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Majority of bankruptcies related to medical expense?

A young woman attending college in the state of Washington suffered severe head injuries when she was 10-years-old during a snowmobile accident.  And while she has spent close to half of her life facing various medical procedures and hospitalizations, she is now excelling in college with hopes of attending graduate school.

Sadly, she still suffers from seizures, and doctors have been unable to pinpoint precisely what is wrong.  After doctors in Spokane told her that they would not be able to treat her, she then decided she will visit the Mayo Clinic.  The trip to visit the clinic will probably be paid for by fund-raising efforts of her family.

This young woman is just one more individual that is looking for alternate ways to pay her medical expenses. Patients like her often do not have insurance, or the insurance company has ruled they will not pay for particular medical expenses. And even with insurance, there can be co-pays and deductibles that are difficult for the patient to cover.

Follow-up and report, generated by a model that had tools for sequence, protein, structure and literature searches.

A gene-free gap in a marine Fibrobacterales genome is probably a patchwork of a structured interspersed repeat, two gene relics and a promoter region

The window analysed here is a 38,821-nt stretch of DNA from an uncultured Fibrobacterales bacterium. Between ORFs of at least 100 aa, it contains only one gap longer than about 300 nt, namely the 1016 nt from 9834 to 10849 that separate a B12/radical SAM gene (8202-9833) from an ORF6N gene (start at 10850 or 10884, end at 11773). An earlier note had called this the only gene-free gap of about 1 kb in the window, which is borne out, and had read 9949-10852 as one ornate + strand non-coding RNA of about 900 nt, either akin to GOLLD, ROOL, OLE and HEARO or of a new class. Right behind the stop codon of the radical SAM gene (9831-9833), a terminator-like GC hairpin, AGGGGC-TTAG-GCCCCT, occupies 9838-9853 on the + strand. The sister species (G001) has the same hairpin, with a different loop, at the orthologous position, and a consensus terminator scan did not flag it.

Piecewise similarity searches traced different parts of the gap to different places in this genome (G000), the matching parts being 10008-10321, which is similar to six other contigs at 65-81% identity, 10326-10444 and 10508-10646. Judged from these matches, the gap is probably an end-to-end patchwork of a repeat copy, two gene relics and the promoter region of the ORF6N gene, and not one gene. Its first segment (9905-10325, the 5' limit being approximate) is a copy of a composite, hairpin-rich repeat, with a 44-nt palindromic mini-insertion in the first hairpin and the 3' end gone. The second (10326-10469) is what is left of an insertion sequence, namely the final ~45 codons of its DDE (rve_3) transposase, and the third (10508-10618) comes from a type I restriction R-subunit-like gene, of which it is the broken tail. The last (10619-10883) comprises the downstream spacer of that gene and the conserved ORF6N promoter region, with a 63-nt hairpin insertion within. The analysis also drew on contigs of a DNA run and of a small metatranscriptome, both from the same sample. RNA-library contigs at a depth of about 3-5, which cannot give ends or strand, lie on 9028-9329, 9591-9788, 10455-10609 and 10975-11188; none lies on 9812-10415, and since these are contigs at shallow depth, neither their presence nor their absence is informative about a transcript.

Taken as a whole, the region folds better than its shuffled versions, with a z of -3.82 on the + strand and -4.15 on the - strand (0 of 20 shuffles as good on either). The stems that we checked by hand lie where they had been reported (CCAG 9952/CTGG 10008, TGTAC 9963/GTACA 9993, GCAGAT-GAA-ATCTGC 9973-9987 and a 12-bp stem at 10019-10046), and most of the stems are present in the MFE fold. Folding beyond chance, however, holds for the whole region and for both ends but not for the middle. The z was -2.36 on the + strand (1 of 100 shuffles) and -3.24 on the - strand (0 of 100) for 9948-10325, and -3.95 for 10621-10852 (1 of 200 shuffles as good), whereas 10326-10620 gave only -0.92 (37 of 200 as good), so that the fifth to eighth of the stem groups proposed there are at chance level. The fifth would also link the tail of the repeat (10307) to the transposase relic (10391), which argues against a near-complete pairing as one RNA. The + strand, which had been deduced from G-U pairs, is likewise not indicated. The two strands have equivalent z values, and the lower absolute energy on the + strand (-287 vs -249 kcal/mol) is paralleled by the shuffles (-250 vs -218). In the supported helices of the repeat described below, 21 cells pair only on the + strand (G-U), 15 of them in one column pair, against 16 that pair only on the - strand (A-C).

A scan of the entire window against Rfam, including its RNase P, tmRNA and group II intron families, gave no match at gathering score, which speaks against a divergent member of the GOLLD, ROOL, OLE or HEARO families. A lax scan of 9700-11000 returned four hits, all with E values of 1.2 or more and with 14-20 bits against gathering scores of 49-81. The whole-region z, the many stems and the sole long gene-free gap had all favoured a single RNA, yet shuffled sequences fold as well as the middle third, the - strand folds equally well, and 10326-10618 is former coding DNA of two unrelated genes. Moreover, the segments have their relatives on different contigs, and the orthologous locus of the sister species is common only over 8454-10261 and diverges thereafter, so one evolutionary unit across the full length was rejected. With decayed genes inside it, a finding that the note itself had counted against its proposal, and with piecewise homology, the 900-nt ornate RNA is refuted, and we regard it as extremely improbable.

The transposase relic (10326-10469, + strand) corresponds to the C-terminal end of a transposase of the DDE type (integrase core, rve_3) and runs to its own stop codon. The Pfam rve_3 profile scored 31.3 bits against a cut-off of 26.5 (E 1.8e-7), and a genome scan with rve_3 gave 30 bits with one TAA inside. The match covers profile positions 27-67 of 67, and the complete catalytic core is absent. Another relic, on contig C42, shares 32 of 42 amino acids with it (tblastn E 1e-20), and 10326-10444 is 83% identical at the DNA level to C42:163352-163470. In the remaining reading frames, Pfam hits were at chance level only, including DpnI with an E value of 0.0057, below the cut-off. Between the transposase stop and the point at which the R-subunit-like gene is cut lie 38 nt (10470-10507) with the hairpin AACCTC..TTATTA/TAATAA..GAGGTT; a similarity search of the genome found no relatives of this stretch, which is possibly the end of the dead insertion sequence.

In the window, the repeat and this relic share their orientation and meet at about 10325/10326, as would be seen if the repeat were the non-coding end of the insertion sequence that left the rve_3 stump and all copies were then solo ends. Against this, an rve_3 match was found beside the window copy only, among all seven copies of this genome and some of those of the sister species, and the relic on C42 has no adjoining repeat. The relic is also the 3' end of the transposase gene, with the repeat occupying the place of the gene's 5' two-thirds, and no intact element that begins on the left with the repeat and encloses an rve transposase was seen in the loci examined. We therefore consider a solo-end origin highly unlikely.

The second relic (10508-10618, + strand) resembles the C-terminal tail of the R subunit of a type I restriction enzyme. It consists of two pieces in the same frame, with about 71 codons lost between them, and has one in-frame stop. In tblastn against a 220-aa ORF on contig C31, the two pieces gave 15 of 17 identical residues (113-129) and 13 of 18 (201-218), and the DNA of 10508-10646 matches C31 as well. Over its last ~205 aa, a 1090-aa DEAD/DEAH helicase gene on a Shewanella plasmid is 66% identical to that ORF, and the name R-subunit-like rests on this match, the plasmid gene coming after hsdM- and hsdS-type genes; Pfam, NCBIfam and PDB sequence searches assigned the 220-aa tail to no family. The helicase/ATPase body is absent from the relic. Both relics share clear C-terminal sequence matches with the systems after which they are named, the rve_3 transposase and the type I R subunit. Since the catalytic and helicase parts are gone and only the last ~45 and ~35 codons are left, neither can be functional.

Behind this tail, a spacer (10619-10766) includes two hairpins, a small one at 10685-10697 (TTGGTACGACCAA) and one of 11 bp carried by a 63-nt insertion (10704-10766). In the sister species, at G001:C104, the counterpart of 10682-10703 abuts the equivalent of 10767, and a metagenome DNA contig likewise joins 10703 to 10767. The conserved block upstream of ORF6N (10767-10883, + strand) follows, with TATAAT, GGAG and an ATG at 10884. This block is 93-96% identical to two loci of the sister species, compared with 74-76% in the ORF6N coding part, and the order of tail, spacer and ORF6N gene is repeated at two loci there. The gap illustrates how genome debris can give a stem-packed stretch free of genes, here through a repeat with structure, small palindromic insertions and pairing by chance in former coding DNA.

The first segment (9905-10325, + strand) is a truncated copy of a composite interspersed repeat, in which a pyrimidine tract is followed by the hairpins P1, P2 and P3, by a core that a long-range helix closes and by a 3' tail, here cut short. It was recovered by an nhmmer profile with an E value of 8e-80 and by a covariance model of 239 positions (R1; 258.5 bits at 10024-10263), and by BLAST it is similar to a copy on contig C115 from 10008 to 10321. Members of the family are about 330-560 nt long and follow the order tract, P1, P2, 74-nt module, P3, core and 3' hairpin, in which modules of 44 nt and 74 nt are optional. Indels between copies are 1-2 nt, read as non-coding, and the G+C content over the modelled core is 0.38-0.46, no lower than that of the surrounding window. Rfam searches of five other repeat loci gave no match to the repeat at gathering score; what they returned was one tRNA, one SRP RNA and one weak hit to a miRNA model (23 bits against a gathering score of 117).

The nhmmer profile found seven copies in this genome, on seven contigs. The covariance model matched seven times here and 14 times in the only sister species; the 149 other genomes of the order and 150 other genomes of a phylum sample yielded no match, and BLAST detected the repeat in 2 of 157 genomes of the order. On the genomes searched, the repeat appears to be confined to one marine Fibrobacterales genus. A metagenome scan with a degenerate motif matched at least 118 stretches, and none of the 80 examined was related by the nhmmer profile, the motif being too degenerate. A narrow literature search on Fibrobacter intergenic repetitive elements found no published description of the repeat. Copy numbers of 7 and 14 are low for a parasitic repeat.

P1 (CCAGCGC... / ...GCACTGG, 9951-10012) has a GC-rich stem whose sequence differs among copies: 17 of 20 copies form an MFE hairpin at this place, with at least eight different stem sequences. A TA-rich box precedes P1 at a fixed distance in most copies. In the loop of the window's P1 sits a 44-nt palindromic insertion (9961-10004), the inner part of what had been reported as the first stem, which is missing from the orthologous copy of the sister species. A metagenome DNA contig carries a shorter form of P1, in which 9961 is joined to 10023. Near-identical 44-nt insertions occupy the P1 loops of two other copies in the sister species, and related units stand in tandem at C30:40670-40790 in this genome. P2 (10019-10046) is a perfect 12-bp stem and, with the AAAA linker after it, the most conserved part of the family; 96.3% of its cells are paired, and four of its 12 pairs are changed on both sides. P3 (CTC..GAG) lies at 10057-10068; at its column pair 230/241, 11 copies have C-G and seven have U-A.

We've learned from a 2007 Harvard study that medical costs can contribute to close to 60 percent of personal bankruptcies. That number of bankruptcies due to medical expense is significantly higher than it was in just 2001. Ironically, the vast majority of individuals that did file bankruptcy due to medical expense were covered by some form of health insurance.

Individuals may wish to speak to attorneys about their options when facing overwhelming medical debt. Bankruptcy and other options may at least allow such individuals to start anew. However, it's good to consult with an attorney that understands recent changes to bankruptcy law and who can also recommend a solution to one's individual circumstances.

Source: Inlander, "Crowdfunding medical bills," Lisa Waananen, Sep. 5, 2013

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